Amgen v. Int'l Trade Comm'n and Roche, No. 2007-1014 (Fed. Cir. 2008)
Amgen holds at least six US patents that relate to erythropoeitin and its derivatives (EPO) and processes for making EPO, protecting the Amgen drugs Aranesp and Epogen. Sales of Aranesp alone topped $3.6 million last year. Roche produces EPO in Europe and has been seeking FDA approval for its own EPO drug, Mircera, in the US.
Roche began importing EPO as part of its effort to generate data for its regulatory submissions to the FDA. Amgen did not object to these acts of importation. However, Roche continued importing EPO even after its FDA application was complete (though Roche has not yet sold or contracted to sell any of its EPO in the US). Amgen responded by filing a Section 337 action with the International Trace Commission (ITC), asking the ITC to enjoin Roches further importation and future sale in the US of its European-produced EPO.
The ITC denied Amgens injunction request because (1) the ITC determined that Roches importation of EPO was protected by the FDA safe harbor provision of Section 271(e)(1), which provides that conduct cannot infringe a patent when it is reasonably related to securing FDA approval; and (2) the ITC has no jurisdiction absent a sale or contract for sale of EPO in the US. In a decision Wednesday, the Federal Circuit affirmed in part, reversed in part, and remanded the case to the ITC.
Amgen made three arguments on appeal: (1) Section 271(e)(1) provides no exemption for the importation of articles made overseas by patented processes in Section 337 actions before the ITC; (2) Section 271(e)(1) does not provide blanket protection for all pre-FDA-approval conduct; and (3) the ITC has jurisdiction whenever sale of the accused article is imminent. All three Federal Circuit panelists sided with Amgen on the second and third points. On the first point, however, Judges Newman and Lourie agreed with the ITC, while Judge Linn dissented to express his agreement with Amgen’s argument.
On Amgen’s first point, the majority accepted the ITC’s argument, i.e., that the Section 271(e)(1) safe harbor should operate identically in ITC litigation as in federal district court litigation. The importation of an article made by an infringing process constitutes an act of infringement under Section 271(g). But the safe harbor of Section 271(e)(1) holds that certain acts related to gaining regulatory approval are not acts of infringement. Therefore, 271(e)(1) cuts back on 271(g) by declaring that certain types of conduct do not constitute infringement. The ITC, however, does not look to Section 271(g) for its authority. Instead the ITC looks to 19 USC § 337(a)(1)(B)(ii), which declares unlawful the importation of any article “made . . . by means of a process covered by the claims of a valid and enforceable United States patent.” In contrast, Section 271(g) only forbids the importation of articles made by means of a process that infringes the claims of a valid and enforceable US patent. Because the safe harbor of Section 271(e)(1) only addresses infringement, Judge Linn (in dissent) argues that the safe harbor applies to infringement liability under Section 271(g) but not to unlawful trade practices under Section 337(a)(1)(B)(ii). The majority’s holding elects to gloss over these key differences between Section 271(g) and Section 337.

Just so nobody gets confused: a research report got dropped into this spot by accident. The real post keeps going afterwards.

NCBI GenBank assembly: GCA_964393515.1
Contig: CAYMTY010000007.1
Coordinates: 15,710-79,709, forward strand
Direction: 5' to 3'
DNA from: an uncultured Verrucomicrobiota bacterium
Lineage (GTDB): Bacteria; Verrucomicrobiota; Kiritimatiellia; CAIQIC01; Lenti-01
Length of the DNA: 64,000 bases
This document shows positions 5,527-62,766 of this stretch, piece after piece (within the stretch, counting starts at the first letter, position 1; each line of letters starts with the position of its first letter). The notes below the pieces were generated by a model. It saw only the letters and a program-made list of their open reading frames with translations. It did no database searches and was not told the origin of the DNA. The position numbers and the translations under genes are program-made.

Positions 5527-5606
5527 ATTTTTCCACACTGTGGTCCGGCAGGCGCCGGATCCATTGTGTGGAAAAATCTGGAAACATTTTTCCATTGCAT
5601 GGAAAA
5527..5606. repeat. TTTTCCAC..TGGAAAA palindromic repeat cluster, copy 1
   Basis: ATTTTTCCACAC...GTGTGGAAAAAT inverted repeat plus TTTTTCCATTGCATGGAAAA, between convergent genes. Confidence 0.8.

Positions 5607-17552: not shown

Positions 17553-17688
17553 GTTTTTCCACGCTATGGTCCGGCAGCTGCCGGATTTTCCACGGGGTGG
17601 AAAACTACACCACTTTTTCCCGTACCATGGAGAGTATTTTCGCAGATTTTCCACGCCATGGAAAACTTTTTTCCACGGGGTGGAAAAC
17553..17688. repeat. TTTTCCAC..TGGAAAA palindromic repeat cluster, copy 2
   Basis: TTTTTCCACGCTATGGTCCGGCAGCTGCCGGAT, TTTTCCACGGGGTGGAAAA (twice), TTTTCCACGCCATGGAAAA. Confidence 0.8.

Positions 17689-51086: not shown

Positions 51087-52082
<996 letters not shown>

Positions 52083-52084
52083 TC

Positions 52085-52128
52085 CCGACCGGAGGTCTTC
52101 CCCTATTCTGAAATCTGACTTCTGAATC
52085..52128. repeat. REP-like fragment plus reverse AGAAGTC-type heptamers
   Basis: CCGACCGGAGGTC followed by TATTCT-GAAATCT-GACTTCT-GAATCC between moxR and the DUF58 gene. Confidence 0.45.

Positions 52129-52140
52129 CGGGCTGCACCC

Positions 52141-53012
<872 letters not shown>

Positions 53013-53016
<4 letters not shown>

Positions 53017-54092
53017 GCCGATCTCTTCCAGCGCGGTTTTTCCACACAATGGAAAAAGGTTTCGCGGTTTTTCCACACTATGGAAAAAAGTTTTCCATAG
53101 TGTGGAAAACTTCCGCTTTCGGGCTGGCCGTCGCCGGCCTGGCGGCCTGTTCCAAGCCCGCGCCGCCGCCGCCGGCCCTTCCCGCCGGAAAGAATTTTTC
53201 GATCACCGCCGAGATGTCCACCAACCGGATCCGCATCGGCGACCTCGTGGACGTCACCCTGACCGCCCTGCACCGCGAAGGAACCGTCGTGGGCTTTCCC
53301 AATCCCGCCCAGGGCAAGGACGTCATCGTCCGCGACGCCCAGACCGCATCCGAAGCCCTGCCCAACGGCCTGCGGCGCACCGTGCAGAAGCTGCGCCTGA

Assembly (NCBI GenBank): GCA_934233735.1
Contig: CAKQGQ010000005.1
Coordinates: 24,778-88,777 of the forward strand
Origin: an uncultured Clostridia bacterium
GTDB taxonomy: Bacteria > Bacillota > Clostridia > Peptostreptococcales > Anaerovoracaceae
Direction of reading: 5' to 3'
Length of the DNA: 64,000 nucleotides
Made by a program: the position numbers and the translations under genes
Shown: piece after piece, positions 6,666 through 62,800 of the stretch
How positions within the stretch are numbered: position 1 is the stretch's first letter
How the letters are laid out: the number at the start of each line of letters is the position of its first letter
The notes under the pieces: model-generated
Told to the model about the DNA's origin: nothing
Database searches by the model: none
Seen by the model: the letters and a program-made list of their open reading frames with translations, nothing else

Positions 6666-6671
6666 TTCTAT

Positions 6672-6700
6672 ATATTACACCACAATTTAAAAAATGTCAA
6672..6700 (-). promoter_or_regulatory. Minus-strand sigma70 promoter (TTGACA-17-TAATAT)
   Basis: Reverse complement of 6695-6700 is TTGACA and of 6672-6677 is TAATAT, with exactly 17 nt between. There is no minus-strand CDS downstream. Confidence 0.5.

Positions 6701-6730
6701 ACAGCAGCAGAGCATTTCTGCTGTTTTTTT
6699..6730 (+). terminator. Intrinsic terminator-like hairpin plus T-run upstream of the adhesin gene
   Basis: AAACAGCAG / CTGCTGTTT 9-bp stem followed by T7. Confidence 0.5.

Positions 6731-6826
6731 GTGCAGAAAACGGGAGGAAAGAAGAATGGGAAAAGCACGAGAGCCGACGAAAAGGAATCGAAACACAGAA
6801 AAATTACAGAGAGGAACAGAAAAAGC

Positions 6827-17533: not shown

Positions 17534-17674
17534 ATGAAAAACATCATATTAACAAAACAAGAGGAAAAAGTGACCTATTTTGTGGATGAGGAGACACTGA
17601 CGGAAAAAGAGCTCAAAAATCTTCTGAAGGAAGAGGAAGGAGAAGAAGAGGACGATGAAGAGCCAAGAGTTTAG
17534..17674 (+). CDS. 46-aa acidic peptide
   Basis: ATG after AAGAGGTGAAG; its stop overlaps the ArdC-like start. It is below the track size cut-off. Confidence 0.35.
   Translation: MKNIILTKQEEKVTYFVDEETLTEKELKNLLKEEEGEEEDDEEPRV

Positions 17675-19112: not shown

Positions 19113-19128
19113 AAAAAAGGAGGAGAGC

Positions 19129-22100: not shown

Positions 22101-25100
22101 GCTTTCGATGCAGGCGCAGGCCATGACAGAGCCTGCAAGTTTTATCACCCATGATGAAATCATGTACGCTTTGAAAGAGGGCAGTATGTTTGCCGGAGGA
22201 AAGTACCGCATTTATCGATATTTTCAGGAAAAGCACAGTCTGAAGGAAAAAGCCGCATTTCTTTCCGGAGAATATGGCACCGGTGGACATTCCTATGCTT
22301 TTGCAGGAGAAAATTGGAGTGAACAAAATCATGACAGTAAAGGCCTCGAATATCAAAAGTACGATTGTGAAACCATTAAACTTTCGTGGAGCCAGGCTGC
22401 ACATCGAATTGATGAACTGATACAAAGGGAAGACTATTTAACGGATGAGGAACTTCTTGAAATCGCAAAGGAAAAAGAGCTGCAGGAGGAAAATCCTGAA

On the other hand, the majority’s holding probably does comport more closely with the policy rationales that support having the regulatory safe harbor. As the majority notes, the legislative history supports this proposition that the 271(e)(1) safe harbor applies identically to importation under Section 271(g) and to importation under Section 337(a)(1)(B)(ii). Moreover, the Supreme Court’s broad reading of the scope of the regulatory safe harbor in Integra v. Merck and Eli Lilly v. Medtronic lends further support for the majority’s policy judgment. Judge Linn even agrees that the majority reaches the policy outcome that makes the most sense. Nevertheless, the text of Section 337(a)(1)(B)(ii) is clearly at odds with such a policy outcome.
On Amgen’s second point, the Court agreed with Amgen. The safe harbor of Section 271(e)(1) does not provide blanket protection for all pre-FDA-approval conduct. For each separate act, the accused party must demonstrate that each act is reasonably related to gaining regulatory approval. Amgen asserted that Roche continued importing EPO after its FDA application was complete and used the imported EPO to conduct marketing studies. The Court remanded the case to the ITC for an act-by-act evaluation of whether Roche’s conduct was indeed within the ambit of Section 271(e)(1).
On Amgen’s third point, the Federal Circuit held that the ITC jurisdiction is invoked “[w]hen it has been shown that infringing acts are reasonably likely to occur . . . .” The court went to great lengths to point out that this standard is not new, and is, in fact, consistent with nearly three decades of ITC precedent. Because Section 337 provides for a prospective remedy, it makes no sense for the complainant to wait for an actual sale to occur, so long as an actual sale is imminent.